“The quality of our lives,” stated my pastor during a recent sermon, “is determined by the quality of our relationships.” Nothing could be truer. Good friends and loving family are like islands in the fast-moving streams of life. They provide a place where we can temporarily dock from our duties, shuck off our shoes, and wiggle our toes in the warm sand of companionship. I call them “featherbed friends,” because they provide us with a soft place to land. How restoring it can be when we make room in our lives for those who support, encourage, and lift our spirits!
Unfortunately, not every relationship will be as restful. We all know those as well who, whether consciously or unconsciously, drain us dry if we let them. Somehow in our search for more respites during the daily rigors, we must learn to differentiate between the two, inviting more time in the first even as we learn to limit or, in some cases eliminate the latter.
The reality is that there will be only a few choice comrades throughout a lifetime who truly care and understand unconditionally enough to stay the course. I can tell you from experience that you can be the most popular person on the block—one with a Facebook full of friends—but very few real and restful ones. Likewise, you can spend your life constantly surrounded with people and still end up lonely if you don’t take time to cultivate the keepers and cull out the seepers.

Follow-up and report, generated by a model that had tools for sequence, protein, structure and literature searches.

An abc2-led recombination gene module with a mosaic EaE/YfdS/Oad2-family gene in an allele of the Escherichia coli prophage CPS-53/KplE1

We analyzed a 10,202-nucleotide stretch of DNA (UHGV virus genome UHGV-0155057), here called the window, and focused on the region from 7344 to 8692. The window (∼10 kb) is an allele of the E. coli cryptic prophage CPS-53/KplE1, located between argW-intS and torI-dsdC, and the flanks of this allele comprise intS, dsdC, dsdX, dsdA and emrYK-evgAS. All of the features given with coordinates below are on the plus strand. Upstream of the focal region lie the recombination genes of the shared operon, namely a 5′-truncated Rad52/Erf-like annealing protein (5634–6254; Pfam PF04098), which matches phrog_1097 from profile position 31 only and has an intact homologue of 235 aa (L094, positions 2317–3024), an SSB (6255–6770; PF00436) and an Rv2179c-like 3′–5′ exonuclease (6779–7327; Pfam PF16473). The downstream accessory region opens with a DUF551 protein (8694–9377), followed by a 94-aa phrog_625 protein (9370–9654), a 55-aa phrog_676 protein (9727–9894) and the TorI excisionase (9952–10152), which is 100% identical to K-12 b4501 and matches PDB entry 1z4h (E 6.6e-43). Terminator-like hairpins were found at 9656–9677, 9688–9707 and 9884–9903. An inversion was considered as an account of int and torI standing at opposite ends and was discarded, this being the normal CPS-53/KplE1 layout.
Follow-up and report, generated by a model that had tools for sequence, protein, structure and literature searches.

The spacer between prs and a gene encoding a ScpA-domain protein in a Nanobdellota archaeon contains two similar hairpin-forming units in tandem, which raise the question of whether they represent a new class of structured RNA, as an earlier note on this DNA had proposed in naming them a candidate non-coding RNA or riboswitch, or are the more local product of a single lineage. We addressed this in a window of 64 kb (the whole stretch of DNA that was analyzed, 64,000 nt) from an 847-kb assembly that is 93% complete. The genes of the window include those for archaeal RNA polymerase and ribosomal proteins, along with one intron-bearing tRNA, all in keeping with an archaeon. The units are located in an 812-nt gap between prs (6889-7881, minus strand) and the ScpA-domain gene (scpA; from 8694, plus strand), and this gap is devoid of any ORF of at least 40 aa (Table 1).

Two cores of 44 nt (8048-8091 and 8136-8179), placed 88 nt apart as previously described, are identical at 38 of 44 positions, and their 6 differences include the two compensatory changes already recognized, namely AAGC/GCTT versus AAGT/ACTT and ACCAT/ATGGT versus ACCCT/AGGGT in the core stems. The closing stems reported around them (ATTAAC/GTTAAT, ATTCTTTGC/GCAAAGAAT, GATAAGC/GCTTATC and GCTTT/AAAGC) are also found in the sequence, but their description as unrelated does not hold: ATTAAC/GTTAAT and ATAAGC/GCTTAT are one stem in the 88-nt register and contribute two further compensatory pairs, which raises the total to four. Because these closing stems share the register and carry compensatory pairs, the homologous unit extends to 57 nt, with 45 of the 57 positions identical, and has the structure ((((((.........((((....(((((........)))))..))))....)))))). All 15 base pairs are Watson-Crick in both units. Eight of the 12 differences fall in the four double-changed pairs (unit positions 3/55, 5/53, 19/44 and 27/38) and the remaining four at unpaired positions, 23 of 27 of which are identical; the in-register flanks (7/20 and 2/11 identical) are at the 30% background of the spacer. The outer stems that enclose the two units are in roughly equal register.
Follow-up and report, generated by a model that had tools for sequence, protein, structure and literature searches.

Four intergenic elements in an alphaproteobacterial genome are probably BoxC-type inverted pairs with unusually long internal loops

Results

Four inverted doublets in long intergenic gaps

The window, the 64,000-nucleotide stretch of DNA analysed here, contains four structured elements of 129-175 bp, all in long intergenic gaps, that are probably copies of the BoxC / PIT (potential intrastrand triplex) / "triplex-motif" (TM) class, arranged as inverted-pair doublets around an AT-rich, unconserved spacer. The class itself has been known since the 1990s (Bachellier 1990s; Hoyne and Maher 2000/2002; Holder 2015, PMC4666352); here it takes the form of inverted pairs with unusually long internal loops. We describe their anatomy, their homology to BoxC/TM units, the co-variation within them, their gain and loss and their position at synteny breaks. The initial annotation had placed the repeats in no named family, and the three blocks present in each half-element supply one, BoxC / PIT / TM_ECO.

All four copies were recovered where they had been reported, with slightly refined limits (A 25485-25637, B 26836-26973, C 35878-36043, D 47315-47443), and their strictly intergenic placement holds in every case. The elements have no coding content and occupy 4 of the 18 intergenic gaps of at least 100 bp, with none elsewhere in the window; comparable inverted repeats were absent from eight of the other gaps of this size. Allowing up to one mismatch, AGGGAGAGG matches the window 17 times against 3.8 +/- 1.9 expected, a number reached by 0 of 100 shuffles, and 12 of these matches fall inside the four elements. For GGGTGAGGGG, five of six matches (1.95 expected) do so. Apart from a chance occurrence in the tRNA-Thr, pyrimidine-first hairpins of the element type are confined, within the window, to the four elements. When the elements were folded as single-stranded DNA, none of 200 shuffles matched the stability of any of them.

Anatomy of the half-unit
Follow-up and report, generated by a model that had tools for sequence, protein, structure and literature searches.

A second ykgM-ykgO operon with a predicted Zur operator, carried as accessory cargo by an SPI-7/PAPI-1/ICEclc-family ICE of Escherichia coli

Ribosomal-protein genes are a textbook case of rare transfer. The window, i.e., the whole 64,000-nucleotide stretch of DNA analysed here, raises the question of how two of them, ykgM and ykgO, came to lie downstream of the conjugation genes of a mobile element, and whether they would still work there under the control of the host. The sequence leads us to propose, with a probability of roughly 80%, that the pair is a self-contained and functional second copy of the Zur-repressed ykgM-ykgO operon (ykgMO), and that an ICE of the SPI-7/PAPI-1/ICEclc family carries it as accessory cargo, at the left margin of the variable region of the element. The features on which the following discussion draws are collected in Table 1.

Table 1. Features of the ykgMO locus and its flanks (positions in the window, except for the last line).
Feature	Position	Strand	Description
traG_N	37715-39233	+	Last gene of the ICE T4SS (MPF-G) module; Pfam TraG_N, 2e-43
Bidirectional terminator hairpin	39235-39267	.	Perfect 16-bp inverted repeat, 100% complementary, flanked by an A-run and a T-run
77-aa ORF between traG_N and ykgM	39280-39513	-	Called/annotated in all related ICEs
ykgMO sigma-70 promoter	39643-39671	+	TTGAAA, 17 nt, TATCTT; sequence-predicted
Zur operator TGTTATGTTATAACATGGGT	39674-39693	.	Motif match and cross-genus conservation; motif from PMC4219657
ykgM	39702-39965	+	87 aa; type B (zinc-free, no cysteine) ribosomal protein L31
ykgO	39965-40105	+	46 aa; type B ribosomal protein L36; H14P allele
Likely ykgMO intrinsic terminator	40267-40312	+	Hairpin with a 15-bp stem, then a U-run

To me these represent the three most common friendship categories: the faithful few who sometimes span a lifetime, those who support us through short but significant seasons, and the ones who become our mutual mentors as we carry out a common legacy.
By now some may be wondering if finding these featherbed buddies might prove more challenging than it seems. Yet I believe there are ways we can determine which relationships warrant nurturing and which do not, thus saving ourselves a lot of stress in the process. Let’s start with the beginning stages.
Most of us have the tendency to base any potential pal-ship on an initial “clicking” of personalities. If there is something we immediately like about or identify with a person, we may entertain the idea of becoming better acquainted. There will also be times when we’re tossed together with those whom we seem to share little in common, in which case we might quickly consider them as crummy candidates.
My experience is this: don’t be too hasty in embracing or dismissing people simply on the basis of face value. In both cases, what we see is not always what we get. We should make commitments carefully, being willing to invest enough time to make sure they are not only successful but also restful.
Consider Jesus’ disciples. They came from a variety of backgrounds—a few fishermen, a tax collector, a political zealot, a doubter, and unbeknownst to all but Jesus, an untrustworthy traitor. The fishermen were the only ones with anything in common and frankly didn’t always get along that well. On more than one occasion, all the disciples competed with and irritated each other. Eventually, though—thanks to a few well-placed beatitudes from the Master—they learned to appreciate each other’s strengths and bolster their weaknesses. Starting with a common call they all but one ended up supporting and encouraging each other to the Cross and beyond. It was their fire-forged unity that laid the foundation for the Early Church.
In truth some of the deepest, most restful and resilient friendships are the ones we grow into, learning over a period of time not only to appreciate each other’s qualities but also to overlook a few faults and failures.